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Product & Engineering

Prepping for a Tsunami: Scaling with Amazon CloudFront

On June 25th, Duo Security’s website handled one of the largest spikes we've ever seen, a 1400% increase in traffic. A well-received blog post was the culprit. Thanks to a great DevOps team and a little advanced warning, we now have a simple solution that will scale our web presence for years to come.

###Humble Beginnings Our initial implementation was built for our day-to-day load, but we weren't sure it could handle the influx we were expecting. With the help of beeswithmachineguns, we discovered that the EC2 instances, already tuned with built-in caching, could handle an extremely large amount of traffic. Adding more instances would happily cover what ended up being a 14x increase. But, there was a possible weak point: we previously offloaded SSL to Amazon’s Elastic Load Balancer (ELB).

###Testing ELB The initial tests were far from great. We were getting less than 1/10th the throughput while our instances were ready and willing to serve up more. We assumed the SSL offloading was causing the huge dent until we noticed anomalies in testing. Throughput seemed to slowly increase on its own. While ELB is 'elastic,' the elasticity comes gradually in the range of 50% / 5 minutes.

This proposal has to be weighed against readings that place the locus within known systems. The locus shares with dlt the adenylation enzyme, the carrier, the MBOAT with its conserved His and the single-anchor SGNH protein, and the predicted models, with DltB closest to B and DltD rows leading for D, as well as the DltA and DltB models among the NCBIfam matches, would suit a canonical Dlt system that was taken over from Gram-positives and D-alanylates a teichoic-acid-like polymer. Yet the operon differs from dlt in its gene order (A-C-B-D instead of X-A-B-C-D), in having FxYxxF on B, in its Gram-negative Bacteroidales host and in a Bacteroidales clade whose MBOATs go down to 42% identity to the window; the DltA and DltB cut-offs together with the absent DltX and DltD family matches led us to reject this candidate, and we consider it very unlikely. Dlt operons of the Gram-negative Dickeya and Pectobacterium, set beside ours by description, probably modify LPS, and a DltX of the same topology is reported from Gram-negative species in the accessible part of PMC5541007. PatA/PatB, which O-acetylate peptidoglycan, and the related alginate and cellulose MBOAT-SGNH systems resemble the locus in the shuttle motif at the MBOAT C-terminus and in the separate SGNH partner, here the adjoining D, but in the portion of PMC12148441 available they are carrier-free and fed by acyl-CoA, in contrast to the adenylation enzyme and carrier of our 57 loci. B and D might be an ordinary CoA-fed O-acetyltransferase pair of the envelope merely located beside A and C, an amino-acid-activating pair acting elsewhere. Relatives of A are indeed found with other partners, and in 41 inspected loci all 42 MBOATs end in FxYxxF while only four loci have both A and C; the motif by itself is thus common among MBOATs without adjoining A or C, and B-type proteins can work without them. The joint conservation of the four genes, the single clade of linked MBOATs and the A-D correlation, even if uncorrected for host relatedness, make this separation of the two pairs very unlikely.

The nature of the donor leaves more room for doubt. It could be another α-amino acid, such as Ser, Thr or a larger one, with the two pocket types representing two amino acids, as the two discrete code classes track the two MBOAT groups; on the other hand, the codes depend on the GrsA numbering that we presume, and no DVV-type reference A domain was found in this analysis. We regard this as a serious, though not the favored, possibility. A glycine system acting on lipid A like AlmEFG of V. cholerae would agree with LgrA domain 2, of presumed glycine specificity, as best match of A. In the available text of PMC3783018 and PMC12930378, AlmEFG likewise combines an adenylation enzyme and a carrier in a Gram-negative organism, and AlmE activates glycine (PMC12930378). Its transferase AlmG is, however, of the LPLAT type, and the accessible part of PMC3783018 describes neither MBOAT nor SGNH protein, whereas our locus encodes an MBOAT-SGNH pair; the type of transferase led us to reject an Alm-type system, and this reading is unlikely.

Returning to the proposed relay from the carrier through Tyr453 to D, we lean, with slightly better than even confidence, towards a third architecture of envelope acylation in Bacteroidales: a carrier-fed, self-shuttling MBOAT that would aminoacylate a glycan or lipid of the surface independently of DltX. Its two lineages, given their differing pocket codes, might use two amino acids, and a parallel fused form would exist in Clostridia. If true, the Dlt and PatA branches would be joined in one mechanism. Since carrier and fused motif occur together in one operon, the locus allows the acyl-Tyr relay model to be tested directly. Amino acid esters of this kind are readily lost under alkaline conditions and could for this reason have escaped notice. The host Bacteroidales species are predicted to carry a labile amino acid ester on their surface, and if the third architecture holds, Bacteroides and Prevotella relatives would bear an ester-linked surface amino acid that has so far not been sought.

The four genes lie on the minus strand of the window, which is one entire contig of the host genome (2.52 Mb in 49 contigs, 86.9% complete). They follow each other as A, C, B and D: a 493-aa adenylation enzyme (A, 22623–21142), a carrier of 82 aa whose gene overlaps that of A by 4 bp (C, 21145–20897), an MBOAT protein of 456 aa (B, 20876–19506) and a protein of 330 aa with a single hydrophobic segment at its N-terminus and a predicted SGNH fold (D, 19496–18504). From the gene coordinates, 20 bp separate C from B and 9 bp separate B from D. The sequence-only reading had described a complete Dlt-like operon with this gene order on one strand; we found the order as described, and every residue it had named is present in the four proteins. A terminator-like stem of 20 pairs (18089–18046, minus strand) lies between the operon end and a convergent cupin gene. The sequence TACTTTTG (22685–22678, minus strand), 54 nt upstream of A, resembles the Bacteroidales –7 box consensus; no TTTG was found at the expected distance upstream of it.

Good to know, but we were expecting an all-out invasion.

Not to worry, Amazon allows you to pre-warm your balancers. After filing a request with pie-in-the-sky estimates and getting assurance it was in place, we began what we thought would be our backup plan.

###Onward to CloudFront The website is only available via HTTPS. In fact, the only non-HTTP traffic we serve is a redirect back to HTTPS. For the sake of our public facing site, we don’t want to use SNI (Server Name Indication) and frighten potential customers with possible certificate issues.

Thankfully, Amazon now provides the ability to use custom SSL certificates in CloudFront, their CDN (Content Delivery Network) solution. With this, we had the potential to scale our site enormously with no management, globally consistent page load time, and while maintaining our current certificate.

The initial configuration seemed to be simple. Point CloudFront at our balancer, update DNS to direct clients to CloudFront, and we would be done.

###Well... It Wasn’t Quite That Simple. It wasn't immediately obvious, but you need to request specific access from Amazon just to enable the functionality. Even then, it still isn’t enabled until a certificate is actually added.

We set up a test hostname and fired CloudFront up. We tried it and, sure enough, we were now propagating our website through Amazon's CDN. Awesome!

We decide to flip the site over midday before the launch, as we were getting close to the wire. What's the worst that could happen?

###502's. 502's Everywhere. Alarms going off. Every query threw a 502 error. We immediately flipped DNS back to the balancer and went back to the drawing board. Note to customers: Our service was unaffected by this!

The issue implied that it was a certificate problem, but everything looked correct. As we were debating about pulling the plug on the project, we decided to file a last-ditch AWS support ticket.

###T-Minus Eight Hours. AWS called with a solution. Thanks Jarrod at AWS Support in Australia!